US-based coach throws hat in the ring for Benna Boys’ head coach position

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By Carlena Knight

Another US-based coach has thrown his hat in the ring for the position of head coach of the Senior men’s national team, following reports that the Antigua and Barbuda Football Association would be ending its relationship with US-based Michel Dinzey.

The new prospect is Nick Dimitrievski, the Athletic Director & Football Head Coach at the Bryant & Stratton College in Syracuse, New York, who has led the college soccer programme for 18 years, beginning in the 1998 season. A SUNY Morrisville alum, Dimitrievski holds numerous scoring records at both Morrisville and Liverpool High School.

His tenure at Morrisville led him to the University of San Francisco where he served as team captain in 1985.

He went on to play professionally for the San Francisco Black Hawks (WSL) in addition to serving as a regular member of the National and Regional Olympic Development Pool through college and beyond. He also represented his region in the Empire State Games from 1983-1995.

His coaching tenure with the Bobcats includes a 277-47-6 record, 11 regional and seven district championships. Dimitrievski has contributed to the athletic and academic careers of 32 Academic and 36 Athletic All-Americans over the past 18 years, to include Antiguans Janiel Simon and Kelly Frederick. The Bobcats have remained a perennial powerhouse which includes the 2001 NJCAA National Championship.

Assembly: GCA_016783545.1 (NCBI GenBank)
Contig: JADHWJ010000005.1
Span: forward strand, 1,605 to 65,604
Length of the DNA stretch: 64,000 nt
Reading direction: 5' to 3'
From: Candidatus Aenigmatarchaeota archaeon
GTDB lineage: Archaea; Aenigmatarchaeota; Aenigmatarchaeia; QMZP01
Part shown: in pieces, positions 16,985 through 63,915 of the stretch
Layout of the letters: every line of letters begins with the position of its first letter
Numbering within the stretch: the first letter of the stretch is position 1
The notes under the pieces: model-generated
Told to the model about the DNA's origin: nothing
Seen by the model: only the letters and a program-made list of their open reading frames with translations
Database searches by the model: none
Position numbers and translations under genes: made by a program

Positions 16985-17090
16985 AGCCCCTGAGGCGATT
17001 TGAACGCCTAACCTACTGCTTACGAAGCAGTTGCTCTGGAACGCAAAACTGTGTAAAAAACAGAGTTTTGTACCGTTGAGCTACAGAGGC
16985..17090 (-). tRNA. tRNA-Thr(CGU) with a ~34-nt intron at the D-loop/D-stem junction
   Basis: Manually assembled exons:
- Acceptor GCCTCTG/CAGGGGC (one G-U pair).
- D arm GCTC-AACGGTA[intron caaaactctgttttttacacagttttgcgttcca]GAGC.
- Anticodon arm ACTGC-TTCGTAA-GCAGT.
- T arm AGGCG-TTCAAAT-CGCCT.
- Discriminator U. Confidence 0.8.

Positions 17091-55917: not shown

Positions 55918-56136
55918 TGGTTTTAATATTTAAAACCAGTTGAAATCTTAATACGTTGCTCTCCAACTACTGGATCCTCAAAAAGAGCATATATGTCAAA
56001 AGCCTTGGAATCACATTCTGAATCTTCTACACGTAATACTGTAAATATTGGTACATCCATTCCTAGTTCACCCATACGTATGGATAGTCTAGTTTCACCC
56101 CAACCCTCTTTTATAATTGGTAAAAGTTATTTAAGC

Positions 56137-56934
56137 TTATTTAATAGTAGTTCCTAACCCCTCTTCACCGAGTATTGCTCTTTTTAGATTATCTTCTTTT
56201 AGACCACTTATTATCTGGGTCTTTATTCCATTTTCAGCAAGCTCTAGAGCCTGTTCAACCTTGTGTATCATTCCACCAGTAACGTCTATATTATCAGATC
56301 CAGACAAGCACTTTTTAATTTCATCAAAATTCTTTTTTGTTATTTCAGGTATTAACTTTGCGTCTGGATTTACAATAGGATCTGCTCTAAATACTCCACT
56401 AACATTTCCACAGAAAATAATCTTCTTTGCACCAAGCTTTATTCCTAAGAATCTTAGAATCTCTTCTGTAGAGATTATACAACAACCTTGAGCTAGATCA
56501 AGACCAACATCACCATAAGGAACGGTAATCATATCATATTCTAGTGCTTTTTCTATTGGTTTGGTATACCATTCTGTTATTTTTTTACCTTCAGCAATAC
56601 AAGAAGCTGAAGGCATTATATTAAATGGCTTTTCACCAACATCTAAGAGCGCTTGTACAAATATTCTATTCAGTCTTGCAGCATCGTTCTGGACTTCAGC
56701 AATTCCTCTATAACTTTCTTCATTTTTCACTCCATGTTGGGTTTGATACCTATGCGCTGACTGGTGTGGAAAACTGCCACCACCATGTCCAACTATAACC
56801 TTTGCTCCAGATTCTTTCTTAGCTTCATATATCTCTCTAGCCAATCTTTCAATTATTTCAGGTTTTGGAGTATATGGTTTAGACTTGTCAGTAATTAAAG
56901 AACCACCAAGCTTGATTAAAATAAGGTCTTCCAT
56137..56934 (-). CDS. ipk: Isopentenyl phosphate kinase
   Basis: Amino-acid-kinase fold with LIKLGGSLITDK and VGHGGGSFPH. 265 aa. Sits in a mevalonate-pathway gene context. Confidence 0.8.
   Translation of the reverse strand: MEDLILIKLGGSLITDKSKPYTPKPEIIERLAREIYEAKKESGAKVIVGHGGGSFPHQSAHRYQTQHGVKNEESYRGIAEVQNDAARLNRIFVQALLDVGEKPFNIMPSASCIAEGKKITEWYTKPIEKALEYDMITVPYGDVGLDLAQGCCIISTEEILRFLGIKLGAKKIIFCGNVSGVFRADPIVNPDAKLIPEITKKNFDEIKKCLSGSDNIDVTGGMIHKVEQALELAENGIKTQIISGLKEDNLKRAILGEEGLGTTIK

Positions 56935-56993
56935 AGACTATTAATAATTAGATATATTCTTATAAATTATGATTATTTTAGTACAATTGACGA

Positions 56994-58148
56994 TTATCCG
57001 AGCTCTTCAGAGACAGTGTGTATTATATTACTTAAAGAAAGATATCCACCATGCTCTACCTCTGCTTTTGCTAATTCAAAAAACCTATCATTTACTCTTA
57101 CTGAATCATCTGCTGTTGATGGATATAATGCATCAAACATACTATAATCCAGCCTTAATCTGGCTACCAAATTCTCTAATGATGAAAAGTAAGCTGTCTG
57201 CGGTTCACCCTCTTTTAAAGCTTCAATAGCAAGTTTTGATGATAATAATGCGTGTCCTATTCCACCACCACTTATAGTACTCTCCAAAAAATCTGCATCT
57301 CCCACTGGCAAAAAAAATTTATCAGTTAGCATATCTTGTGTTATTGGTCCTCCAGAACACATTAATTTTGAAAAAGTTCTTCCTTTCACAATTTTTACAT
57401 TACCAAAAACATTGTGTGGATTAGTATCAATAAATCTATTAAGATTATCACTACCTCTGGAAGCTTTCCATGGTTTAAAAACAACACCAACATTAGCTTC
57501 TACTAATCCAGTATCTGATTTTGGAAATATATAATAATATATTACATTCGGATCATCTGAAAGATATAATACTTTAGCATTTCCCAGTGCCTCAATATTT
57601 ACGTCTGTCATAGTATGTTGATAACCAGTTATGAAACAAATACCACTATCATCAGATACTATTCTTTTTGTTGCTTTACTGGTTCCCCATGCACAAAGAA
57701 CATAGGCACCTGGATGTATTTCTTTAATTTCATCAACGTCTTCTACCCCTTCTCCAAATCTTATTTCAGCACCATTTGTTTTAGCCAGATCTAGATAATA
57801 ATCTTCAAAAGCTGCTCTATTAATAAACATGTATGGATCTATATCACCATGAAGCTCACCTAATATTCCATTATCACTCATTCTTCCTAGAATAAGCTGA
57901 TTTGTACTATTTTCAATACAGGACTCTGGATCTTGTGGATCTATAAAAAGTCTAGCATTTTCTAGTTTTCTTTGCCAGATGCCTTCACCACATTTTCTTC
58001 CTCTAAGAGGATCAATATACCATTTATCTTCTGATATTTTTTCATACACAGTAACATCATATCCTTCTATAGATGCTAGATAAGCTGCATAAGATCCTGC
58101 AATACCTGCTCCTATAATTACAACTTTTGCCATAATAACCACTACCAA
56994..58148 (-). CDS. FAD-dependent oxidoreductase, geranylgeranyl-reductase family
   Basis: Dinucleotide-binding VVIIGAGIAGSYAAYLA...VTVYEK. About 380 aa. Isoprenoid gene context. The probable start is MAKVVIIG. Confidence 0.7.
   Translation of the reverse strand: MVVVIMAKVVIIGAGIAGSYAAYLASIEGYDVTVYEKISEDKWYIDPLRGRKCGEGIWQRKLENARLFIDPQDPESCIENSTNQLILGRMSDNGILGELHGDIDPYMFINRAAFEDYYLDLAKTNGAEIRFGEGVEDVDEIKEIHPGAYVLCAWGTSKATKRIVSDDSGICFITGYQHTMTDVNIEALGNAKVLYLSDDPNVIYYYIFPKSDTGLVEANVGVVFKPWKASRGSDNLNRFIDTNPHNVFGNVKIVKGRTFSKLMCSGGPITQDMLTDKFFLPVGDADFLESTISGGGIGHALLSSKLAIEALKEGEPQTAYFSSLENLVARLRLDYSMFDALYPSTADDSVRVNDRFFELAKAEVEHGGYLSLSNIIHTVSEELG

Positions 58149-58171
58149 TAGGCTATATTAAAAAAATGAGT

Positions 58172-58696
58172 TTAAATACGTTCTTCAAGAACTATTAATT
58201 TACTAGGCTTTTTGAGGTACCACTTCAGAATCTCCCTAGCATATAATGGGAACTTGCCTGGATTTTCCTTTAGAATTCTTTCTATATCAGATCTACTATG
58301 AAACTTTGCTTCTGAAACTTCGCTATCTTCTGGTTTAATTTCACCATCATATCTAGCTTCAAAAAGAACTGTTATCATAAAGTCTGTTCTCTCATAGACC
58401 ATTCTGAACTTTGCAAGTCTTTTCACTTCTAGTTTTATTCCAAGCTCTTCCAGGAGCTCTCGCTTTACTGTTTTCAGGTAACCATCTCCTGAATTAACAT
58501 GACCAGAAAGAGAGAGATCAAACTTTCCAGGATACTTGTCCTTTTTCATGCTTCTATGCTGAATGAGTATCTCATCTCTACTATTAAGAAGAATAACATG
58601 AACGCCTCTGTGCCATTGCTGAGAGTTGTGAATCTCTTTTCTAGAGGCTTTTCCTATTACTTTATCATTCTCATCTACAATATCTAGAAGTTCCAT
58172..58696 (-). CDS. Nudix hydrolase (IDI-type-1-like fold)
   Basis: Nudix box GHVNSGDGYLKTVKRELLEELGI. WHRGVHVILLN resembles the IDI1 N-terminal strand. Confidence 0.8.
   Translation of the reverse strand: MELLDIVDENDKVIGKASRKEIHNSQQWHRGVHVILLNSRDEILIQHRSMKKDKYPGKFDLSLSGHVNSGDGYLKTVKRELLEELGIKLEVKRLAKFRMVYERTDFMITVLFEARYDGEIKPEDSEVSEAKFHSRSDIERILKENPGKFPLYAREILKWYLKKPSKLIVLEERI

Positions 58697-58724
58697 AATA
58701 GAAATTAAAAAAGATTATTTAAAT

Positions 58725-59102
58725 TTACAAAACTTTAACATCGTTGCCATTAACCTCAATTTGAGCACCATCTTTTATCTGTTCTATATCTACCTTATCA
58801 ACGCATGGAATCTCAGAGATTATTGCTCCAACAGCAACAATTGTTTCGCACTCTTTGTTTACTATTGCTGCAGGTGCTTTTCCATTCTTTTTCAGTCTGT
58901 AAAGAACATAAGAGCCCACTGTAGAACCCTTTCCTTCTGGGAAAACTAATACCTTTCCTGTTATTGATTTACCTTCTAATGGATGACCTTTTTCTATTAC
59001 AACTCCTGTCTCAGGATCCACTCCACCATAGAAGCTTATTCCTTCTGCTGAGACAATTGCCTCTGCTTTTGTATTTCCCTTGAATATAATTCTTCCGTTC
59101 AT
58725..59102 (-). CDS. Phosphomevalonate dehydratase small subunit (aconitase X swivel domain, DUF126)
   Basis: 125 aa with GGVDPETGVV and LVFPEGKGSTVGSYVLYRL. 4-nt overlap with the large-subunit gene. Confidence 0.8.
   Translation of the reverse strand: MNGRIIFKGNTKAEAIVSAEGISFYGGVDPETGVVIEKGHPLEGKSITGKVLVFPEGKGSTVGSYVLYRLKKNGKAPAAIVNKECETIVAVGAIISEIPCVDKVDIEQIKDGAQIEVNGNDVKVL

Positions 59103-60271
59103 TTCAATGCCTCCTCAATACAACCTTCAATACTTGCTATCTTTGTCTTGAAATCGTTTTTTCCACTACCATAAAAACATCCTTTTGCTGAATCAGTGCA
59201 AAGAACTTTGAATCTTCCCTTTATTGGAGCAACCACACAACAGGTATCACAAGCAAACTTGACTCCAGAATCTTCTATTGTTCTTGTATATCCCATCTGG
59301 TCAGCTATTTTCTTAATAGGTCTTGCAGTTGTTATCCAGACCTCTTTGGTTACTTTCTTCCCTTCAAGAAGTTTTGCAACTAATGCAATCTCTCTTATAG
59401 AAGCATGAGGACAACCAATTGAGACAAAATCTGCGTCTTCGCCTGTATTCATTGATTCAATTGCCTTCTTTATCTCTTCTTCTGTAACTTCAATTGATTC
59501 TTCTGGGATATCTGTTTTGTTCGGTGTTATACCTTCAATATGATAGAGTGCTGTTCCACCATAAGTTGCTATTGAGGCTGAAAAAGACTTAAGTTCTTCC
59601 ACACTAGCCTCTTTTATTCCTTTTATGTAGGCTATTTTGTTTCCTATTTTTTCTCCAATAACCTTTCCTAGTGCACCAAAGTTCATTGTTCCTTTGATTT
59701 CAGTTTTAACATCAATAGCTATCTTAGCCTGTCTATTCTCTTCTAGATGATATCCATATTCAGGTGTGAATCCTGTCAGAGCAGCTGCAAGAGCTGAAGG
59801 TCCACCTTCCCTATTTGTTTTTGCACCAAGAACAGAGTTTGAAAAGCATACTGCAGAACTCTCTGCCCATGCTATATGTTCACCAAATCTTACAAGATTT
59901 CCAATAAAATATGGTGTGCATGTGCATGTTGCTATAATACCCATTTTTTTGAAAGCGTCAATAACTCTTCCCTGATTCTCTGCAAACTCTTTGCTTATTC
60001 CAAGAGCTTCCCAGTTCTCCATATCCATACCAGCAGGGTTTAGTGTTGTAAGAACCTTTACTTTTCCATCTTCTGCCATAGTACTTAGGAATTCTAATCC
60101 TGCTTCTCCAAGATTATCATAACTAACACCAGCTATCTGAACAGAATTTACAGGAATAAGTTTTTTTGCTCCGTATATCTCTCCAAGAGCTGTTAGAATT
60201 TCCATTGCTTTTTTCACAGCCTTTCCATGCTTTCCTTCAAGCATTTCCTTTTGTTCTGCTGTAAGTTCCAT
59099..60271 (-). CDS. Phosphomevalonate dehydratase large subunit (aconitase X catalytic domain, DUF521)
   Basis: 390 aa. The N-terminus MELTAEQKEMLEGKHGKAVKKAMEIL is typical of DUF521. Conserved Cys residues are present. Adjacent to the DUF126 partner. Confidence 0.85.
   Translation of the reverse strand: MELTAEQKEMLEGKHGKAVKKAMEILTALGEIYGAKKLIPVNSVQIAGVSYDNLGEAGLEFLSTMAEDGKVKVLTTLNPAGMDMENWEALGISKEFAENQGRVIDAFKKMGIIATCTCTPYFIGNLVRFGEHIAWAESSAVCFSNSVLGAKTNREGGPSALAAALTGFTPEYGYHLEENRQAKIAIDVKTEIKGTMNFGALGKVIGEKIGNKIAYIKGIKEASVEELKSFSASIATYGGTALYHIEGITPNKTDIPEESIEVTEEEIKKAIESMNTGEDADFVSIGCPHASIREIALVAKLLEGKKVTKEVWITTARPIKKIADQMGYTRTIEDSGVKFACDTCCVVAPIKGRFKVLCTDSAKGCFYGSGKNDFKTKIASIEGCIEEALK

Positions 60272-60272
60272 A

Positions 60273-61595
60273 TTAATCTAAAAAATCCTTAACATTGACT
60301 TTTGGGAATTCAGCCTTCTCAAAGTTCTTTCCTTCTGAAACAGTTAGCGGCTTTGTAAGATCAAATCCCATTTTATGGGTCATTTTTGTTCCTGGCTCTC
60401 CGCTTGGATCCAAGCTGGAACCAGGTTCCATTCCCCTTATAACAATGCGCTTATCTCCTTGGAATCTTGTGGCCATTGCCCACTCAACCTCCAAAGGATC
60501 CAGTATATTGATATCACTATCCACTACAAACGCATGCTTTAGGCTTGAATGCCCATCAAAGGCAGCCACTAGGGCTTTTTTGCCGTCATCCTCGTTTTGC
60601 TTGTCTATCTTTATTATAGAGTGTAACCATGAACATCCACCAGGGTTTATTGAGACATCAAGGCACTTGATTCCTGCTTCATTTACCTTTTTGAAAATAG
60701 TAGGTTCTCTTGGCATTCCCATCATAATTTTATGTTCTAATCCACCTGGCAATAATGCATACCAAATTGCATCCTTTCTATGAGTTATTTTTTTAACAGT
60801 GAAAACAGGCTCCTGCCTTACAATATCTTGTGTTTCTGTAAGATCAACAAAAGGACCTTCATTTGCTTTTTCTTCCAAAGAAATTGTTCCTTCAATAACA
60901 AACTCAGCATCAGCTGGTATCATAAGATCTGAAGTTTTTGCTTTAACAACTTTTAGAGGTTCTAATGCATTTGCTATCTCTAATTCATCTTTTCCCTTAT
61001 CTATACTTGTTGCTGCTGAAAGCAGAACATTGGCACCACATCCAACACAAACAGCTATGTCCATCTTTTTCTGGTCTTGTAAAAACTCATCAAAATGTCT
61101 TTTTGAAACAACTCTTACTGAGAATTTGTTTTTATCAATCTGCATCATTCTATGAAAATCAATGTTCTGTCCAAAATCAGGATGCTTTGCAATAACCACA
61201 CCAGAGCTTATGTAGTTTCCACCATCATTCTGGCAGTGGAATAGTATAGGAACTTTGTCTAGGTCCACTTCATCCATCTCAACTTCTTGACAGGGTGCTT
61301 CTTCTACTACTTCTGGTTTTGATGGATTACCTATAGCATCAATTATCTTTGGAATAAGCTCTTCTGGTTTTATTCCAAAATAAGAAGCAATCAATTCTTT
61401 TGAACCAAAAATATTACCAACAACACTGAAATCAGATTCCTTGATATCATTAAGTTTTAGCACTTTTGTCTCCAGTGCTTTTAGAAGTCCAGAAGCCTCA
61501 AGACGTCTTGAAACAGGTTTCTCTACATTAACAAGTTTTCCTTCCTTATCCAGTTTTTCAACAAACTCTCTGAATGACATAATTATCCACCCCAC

“Coach Nick” as he is more affectionately known, confirmed his interest in the position during an appearance on the Good Morning JoJo Sports Show on Wednesday.

“I’ve been in talks with some officials there and you know we’ve probably given over 30 scholarships to former student athletes, both men and women. That’s been one of my dreams because I think as a national team coach I can provide so much for the country [especially] at the grassroots to give them a different opportunity, like in Janiel’s case, and I think that’s how you change the culture of winning there. This is another way to win; you get them in a different environment, get them into these colleges from here they can play in the different leagues during the summer. It’s just a different opportunity for them.”

He believes that in order for the national programme to improve, more focus should be placed on the grassroot level.

“The difference here along with the opportunities that I’m proposing at the national team with the grassroot level is developing the complete player and that’s probably one of the biggest absences that I see. Kids are just not taught how to be a complete player and it takes a while for them to understand it because it’s second nature so that is what I would focus on and is actually my biggest strength — mostly conditioning and discipline. The development with these kids from the youth to the national team would be huge,” Dimitrievski said.

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